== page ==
However, effective collaboration is uniquely difficult in the domain of cybersecurity. Cyberthreats are complex, with an ever-expanding and exposed surface for malicious actors to exploit. Each new innovation brings with it new and sometimes unexpected vulnerabilities.
Despite these challenges, advancing cyber resilience requires the public and private sectors to collaborate in new and innovative ways. This Playbook is recommended for use by the public and private sectors, together, as a tool to facilitate discussions on building the institutions, frameworks, policies, norms and processes necessary to support collaboration in this vital space.
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72
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The Global Risks Report 2018

Date of Editorial Board meeting: 
Publication date: 
Wednesday, January 17, 2018
Abstract in English: 
Last year’s Global Risks Report was published at a time of heightened global uncertainty and strengthening popular discontent with the existing political and economic order. The report called for “fundamental reforms to market capitalism” and a rebuilding of solidarity within and between countries. One year on, a global economic recovery is under way, offering new opportunities for progress that should not be squandered: the urgency of facing up to systemic challenges has, if anything, intensified amid proliferating indications of uncertainty, instability and fragility.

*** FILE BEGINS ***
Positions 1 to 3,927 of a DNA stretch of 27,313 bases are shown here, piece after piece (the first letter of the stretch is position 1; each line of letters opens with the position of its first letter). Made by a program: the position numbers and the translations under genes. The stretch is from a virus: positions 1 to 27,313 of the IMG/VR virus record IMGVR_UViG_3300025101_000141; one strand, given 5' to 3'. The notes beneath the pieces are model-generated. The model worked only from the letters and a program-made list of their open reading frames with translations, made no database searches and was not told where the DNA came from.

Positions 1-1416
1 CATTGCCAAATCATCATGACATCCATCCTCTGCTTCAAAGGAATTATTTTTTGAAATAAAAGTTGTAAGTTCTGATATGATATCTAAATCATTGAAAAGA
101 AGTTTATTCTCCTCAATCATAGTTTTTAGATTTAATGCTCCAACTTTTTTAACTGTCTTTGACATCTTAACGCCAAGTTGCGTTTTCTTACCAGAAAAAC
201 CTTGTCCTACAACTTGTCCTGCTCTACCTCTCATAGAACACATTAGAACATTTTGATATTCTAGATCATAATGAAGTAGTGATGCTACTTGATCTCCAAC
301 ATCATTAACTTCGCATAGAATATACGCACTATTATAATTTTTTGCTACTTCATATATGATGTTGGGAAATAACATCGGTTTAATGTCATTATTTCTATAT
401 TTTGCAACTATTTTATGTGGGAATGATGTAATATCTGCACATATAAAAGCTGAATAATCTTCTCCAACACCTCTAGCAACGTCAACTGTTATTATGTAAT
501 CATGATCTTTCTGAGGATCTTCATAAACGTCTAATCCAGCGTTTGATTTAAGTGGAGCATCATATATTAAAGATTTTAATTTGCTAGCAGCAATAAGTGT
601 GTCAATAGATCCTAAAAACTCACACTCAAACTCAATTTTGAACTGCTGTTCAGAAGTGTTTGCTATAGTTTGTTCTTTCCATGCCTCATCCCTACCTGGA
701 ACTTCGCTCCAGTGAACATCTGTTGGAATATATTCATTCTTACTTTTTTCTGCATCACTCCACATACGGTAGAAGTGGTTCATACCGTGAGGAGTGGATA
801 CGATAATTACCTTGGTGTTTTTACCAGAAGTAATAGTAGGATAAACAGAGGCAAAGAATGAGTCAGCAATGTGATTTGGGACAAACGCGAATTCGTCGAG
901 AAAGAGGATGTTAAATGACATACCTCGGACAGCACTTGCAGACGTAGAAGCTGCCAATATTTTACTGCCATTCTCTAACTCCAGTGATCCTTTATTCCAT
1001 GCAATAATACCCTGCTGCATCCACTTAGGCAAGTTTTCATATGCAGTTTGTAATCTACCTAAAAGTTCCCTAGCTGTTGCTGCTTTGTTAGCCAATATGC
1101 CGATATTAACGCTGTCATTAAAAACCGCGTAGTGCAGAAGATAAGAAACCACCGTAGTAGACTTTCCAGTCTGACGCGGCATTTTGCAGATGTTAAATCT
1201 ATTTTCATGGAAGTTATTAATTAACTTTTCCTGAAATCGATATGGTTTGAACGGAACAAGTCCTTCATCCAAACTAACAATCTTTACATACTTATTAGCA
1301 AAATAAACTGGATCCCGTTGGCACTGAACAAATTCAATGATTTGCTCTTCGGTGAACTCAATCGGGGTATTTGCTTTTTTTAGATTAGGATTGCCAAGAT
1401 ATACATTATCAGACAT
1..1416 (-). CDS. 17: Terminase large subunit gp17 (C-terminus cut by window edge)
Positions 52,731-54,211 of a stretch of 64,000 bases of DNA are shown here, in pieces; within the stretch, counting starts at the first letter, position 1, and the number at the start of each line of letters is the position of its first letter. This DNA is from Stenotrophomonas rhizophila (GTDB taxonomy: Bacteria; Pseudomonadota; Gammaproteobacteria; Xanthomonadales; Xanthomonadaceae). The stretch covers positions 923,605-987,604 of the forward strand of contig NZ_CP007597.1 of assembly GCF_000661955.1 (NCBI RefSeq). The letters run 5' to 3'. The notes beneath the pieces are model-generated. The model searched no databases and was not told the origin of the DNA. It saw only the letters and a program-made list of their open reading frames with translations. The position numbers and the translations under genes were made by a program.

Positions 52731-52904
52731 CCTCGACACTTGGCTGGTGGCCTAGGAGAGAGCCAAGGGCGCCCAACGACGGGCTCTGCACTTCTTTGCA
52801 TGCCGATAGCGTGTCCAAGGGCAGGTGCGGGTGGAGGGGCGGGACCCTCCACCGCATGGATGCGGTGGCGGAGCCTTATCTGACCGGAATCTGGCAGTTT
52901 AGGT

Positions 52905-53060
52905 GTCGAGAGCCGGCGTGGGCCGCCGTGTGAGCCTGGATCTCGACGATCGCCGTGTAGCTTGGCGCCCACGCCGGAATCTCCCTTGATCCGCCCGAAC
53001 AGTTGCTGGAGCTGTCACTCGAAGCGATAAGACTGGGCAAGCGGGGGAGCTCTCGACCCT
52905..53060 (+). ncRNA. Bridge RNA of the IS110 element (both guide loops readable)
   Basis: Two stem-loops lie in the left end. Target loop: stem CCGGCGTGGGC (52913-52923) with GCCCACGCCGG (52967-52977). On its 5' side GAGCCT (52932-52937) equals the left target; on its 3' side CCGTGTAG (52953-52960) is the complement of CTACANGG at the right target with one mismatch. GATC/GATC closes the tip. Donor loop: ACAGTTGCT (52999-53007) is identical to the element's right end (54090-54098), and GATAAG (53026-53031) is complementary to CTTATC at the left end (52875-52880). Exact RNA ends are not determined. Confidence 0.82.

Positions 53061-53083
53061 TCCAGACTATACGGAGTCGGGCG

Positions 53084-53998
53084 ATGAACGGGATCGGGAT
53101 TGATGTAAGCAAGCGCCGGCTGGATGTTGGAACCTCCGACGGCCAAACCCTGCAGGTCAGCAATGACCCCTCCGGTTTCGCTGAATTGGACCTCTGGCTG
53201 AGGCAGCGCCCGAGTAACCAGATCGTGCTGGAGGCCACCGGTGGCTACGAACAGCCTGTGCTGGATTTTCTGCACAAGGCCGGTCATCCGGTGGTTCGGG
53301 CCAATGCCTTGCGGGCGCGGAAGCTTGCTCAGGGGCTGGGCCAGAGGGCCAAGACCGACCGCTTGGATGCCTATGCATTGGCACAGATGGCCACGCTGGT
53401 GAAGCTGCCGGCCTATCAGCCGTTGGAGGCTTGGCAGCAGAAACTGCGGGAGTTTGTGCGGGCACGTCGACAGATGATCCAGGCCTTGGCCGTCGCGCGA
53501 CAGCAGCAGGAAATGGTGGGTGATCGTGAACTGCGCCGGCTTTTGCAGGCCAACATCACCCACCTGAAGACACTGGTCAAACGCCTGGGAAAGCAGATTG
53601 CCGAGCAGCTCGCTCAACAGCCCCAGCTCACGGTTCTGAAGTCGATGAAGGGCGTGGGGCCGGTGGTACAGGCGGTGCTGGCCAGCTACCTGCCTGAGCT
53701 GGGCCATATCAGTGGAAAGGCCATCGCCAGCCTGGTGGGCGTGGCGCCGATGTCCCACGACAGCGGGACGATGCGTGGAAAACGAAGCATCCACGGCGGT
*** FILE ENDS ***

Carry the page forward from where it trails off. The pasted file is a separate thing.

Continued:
Humanity has become remarkably adept at understanding how to mitigate conventional risks that can be relatively easily isolated and managed with standard risk management approaches. But we are much less competent when it comes to dealing with complex risks in the interconnected systems that underpin our world, such as organizations, economies, societies and the environment. There are signs of strain in many of these systems: our accelerating pace of change is testing the absorptive capacities of institutions, communities and individuals. When risk cascades through a complex system, the danger is not of incremental damage but of “runaway collapse” or an abrupt transition to a new, suboptimal status quo.
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80
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Munich Security Report 2018: "To the Brink - and Back?"

Date of Editorial Board meeting: 
Publication date: 
Friday, February 16, 2018
Abstract in English: